today Special edition will be different. Rather than focusing on something in the news that calls us to fight fear with faith, we’ll focus on a single scripture verse that calls us to do the same.
Over the weekend, I came across this statement, “You will not make yourselves idols or set up an image or a pillar, and you will not set up a hewn stone in your country to bow down to she, for I am the Lord your God. ”(Leviticus 26: 1).
As I read the verse, I felt the clear direction of the Holy Spirit to think about it.
These thoughts became this article when I was convinced that this ancient commandment applied to all dimensions of our lives and our world.
The uselessness of idolatry
Leviticus 26: 1 was obviously relevant at a time when the Promised Land of Israel would be filled with Canaanites worshiping Baal, Ashtoreth, Molek, and a host of other idolatrous deities.
But how does this concern us?
One of the fundamental principles of Christian theology is that the Bible is the word of God, not just that it has been. His words are as relevant today as when they were first inspired. It is “alive and active” with authority in the present to speak divine truth in our lives and our culture (Hebrews 4:12).
And yet Jews and Christians are seldom confronted today with the temptation to “erect a hewn stone in your country”.
During my many trips to the Holy Land, I have found that the Jewish people are much more tempted by secularism and materialism than by apparent religious idolatry. It is the same in America and in Europe.
I have preached for forty-four years, but have yet to preach my first sermon against physical idols. This is because they are so irrelevant to our lives and souls.
The relevance of idolatry
But another fundamental principle of Christian theology is that where the Bible does not speak as a precept, it speaks as a principle.
For example, Christians are not required to follow the kosher dietary laws of Leviticus 11. (This is clearly stated in Acts 15: 28-29.) But these laws are nonetheless relevant to us as a principle: God cares about our physical health and wants us to eat and live for his glory and our good.
It’s the same here. The Leviticus precept against physical idols is extremely relevant as a principle: anything we trust and serve more than we trust and serve the Lord functions as an idol in our lives and souls. In other words, idols can be both physical and spiritual.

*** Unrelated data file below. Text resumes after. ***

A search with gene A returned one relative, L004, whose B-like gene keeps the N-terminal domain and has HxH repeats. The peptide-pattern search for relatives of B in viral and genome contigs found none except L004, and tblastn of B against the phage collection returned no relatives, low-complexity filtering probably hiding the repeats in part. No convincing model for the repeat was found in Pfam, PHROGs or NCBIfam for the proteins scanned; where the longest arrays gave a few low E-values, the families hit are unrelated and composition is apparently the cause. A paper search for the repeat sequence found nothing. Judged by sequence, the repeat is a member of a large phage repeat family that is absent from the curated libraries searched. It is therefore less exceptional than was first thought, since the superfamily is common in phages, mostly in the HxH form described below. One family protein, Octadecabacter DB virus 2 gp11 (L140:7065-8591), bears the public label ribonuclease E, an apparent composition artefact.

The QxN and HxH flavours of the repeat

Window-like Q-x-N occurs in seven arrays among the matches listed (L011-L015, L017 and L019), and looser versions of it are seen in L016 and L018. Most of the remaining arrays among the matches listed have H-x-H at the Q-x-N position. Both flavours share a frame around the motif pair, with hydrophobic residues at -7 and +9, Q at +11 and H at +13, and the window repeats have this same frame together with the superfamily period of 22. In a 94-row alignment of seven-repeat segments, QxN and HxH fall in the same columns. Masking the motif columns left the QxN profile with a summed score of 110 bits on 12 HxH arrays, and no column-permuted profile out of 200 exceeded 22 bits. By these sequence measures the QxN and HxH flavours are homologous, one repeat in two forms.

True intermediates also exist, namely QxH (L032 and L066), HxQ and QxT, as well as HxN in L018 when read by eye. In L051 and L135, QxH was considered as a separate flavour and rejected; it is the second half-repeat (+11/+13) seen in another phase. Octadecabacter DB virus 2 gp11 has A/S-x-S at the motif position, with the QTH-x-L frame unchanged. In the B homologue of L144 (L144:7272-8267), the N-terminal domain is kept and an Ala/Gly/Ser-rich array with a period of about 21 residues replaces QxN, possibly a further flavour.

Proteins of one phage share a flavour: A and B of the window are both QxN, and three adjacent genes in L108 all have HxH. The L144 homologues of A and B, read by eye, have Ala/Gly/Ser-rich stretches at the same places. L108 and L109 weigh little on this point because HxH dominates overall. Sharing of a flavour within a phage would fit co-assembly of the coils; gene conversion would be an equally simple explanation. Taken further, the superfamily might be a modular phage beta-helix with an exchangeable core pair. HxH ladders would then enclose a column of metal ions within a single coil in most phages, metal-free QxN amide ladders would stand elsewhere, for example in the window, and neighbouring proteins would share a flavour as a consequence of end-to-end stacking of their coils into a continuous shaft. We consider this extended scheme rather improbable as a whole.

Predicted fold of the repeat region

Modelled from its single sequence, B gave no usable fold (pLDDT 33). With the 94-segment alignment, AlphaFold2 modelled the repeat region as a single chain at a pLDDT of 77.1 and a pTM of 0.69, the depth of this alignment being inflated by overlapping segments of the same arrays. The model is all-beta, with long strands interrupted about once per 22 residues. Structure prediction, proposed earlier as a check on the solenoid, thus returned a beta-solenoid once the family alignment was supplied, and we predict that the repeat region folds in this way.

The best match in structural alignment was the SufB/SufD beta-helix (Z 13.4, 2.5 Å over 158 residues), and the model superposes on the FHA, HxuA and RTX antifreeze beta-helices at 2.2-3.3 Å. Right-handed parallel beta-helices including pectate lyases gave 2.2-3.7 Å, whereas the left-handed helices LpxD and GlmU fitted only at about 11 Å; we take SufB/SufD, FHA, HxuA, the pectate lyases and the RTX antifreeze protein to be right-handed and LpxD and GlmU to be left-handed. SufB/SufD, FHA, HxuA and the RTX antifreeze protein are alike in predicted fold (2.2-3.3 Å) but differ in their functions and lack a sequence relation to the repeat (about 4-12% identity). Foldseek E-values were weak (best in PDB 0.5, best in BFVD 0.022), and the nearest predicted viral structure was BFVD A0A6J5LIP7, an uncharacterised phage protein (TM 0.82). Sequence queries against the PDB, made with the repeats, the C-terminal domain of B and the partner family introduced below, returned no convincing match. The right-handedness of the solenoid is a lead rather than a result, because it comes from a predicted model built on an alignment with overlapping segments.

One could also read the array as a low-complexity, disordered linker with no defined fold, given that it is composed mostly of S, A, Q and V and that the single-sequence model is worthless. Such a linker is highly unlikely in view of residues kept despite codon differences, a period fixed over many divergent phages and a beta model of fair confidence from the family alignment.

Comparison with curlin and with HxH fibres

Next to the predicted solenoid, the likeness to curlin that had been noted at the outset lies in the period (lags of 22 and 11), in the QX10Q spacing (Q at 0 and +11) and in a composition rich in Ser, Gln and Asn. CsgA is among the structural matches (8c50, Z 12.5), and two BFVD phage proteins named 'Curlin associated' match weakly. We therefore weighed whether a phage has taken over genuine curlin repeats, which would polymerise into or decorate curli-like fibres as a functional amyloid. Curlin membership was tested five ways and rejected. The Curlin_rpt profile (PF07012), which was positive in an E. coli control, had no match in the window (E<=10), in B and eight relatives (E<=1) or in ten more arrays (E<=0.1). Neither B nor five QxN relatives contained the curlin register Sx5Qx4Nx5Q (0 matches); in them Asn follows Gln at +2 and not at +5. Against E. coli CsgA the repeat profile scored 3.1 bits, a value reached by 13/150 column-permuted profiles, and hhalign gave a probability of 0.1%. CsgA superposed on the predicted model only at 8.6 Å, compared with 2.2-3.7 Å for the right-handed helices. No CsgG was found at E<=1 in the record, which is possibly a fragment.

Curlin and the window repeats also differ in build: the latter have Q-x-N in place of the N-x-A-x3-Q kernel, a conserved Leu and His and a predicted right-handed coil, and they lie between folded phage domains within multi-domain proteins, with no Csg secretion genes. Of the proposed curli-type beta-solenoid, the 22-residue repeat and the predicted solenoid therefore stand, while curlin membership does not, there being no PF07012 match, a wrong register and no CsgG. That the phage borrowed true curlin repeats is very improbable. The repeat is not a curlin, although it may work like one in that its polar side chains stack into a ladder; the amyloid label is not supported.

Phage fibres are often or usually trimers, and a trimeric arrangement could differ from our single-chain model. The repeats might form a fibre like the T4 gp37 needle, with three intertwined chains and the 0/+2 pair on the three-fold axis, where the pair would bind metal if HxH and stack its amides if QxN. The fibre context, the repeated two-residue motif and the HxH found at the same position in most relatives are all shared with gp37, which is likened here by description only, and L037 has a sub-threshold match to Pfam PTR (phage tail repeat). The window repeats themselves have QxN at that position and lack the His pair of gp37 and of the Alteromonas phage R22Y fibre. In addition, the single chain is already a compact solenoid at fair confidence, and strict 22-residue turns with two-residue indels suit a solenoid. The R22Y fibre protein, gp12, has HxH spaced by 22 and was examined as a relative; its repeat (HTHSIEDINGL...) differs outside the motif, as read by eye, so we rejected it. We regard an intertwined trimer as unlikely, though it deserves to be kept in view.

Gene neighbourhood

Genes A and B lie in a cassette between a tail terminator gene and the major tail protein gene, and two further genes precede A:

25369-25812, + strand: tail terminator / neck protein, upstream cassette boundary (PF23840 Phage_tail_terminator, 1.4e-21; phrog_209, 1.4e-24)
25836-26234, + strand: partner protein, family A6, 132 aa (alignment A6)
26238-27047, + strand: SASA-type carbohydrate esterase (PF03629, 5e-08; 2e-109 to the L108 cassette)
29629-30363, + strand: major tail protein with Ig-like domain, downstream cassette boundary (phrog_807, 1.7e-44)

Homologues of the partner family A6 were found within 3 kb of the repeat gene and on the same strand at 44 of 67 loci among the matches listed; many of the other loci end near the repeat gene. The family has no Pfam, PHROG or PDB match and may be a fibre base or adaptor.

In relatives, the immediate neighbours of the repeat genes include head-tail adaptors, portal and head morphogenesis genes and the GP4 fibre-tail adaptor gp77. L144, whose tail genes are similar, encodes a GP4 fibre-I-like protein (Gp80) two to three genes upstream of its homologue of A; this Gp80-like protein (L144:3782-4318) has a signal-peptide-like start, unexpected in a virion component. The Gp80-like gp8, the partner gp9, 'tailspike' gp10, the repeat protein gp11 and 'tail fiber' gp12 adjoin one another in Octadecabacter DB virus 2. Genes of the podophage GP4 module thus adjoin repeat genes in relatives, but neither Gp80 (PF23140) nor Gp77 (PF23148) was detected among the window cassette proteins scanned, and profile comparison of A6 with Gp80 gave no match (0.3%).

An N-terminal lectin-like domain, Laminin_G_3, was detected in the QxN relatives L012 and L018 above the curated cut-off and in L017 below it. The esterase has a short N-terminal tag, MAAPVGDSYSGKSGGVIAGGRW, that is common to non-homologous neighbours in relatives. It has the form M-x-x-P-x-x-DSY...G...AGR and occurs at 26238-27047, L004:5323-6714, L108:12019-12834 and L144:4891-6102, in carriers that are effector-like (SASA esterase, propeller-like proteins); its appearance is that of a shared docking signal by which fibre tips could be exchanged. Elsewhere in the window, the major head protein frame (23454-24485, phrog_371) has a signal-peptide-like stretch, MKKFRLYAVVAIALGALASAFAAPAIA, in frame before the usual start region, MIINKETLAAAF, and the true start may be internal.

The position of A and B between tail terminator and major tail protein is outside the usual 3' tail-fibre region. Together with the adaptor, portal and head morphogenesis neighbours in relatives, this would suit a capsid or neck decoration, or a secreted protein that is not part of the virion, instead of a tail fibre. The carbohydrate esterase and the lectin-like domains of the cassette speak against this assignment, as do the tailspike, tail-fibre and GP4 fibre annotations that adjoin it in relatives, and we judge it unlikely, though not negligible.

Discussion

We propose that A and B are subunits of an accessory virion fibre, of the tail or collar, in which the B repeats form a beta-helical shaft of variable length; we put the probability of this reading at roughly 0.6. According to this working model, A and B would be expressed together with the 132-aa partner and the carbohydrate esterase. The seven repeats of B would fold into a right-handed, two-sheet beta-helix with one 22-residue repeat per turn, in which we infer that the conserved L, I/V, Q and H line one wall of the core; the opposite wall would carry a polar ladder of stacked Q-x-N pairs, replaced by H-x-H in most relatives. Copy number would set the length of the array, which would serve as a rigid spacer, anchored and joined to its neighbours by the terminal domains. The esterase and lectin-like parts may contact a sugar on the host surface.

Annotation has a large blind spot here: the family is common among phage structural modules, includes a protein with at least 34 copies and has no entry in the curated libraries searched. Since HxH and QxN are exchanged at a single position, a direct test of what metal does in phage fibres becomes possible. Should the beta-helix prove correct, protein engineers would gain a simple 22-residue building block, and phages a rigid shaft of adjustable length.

Some examples are obvious. When we know something is wrong but do it anyway, we have made that sin our idol. Conversely, “whoever knows what to do and does not do it, for him it is sin” and therefore idolatry (James 4:17).
Other forms of spiritual idolatry are less obvious.
If I am writing this article to please you more than to glorify God, I have made you my idol. If I write to impress you more than to glorify the Lord, I have made myself my idol. If I choose to do what is popular at the expense of obedience to the scriptures and the Spirit, I have made popularity my idol. If I do what leads to financial success at the expense of Bible obedience, I have made finances my idol.
Theologian Paul Tillich was right: We each have an “ultimate concern,” something or someone that we consider our highest priority in life. If our ultimate concern is not the Lord, it is our idol.
The attraction of idolatry
Our problem is not atheism, the claim that God does not exist and is therefore irrelevant to all dimensions of our lives and our world. Our problem is pluralism, the assertion that there are many gods and that each is to be trusted and served when appropriate.
It was the religion of ancient Greece and Rome with their gods of war, sea, wisdom, etc. We inherited it in a much more subtle way with our gods of Sunday religion and Monday secularism.
We want the benefits of biblical faith knowing that our Savior saved us from hell and that He is available to us when we need His help. We are willing to give him a percentage of our time and money as a thank you.
But we also want the benefits of modern secularism, looking for what the world offers during the week.
It is not idolatrous as long as we are working in the world for the greater glory of God in obedience to his will. He calls Christians to be doctors and teachers, political leaders and students. (In fact, I am convinced that he calls more of us to public service than he answers his call.) He does not want us to keep our salt in the salt shaker, our light under a basket (Matthew 5 : 13-16).
But when we have to choose between what the world is asking for and what our Lord is asking for, this is when Leviticus 26: 1 becomes urgent for us.
Trust the chariots more than in Christ
David learned to make this declaration his pledge: “Some trust in chariots, and some in horses, but we trust in the name of the Lord our God” (Psalm 20: 7).
Would you ask the Lord to show you if you are tempted by an idol today?
If you are, will you trust chariots and horses or their Maker?
This article originally appeared at the Denison Forum